• Acts as a sound insulator.  All floated floors, including laminate, tend to be “noisier” than floors that are nailed to a subfloor.  You may notice a hollow sound when you walk on floated floors with hard-soled shoes or when your dog runs across the floor.  This can drive some people crazy and many learn about it only after the floor is in.  A sound insulating pad is especially important in rooms on concrete slabs and in condo/apartment buildings where there are people living above or below you.
  • Prevents heat loss, especially in below grade installations.
  • Provides extra cushioning making your floor more comfortable to walk on.

Cleaning, Maintenance & Repair

Laminate flooring is virtually maintenance-free. Routine cleaning requires you only to vacuum, use a dust mop, or a slightly damp (not wet) mop and dry with a clean, white cotton cloth. For damp-mopping, use a hard surface cleaner recommended by the manufacturer.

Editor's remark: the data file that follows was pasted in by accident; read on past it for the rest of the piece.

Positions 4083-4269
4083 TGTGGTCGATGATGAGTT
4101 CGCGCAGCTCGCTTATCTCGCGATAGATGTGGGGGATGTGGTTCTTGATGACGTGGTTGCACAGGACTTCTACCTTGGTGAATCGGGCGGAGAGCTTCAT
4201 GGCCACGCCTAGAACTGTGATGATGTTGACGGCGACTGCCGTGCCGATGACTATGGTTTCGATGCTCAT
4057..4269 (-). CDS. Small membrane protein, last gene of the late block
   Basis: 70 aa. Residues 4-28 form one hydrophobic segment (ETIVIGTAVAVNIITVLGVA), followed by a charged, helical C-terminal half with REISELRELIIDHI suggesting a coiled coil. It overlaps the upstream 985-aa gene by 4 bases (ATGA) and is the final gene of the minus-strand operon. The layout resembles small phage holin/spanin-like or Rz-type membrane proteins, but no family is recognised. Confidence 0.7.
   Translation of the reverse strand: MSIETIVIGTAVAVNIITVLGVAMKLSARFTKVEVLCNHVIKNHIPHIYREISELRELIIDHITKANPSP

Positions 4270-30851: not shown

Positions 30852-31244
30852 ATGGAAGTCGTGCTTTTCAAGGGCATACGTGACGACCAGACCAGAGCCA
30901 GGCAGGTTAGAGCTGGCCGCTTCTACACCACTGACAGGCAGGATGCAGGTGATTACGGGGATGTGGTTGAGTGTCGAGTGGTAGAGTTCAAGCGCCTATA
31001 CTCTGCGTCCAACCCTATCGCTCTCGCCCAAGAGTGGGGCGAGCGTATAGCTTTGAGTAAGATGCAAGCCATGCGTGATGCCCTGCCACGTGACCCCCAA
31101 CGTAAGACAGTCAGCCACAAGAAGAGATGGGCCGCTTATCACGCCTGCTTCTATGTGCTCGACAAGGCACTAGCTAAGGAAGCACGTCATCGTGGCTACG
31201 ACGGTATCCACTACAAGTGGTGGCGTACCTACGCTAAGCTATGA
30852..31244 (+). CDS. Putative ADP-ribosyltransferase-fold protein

Laminate floors are tough, but they are not indestructible.  Dropping something heavy can dent the floor.  Dragging something heavy like a refrigerator can scratch the floor.   In the event that the floor becomes damaged, the affected plank will need to be replaced.  So make sure you save extra planks for just such an occasion.

Our Favorite Laminate Floors

I have to admit, I was not a fan of laminate flooring until a couple of years ago when my husband and I  adopted two doodles.   Within six months, our beautifully smooth hardwood floor was littered with scratch marks.  So, we went out and bought large area rugs which ended up covering most of the wood floor.  So what was the point of spending all that money on a hardwood floor?   Another reason I am re-thinking laminate is because there are some really attractive laminate floors available today.  Today’s laminate floors are so realistic-looking, you almost can’t tell the difference!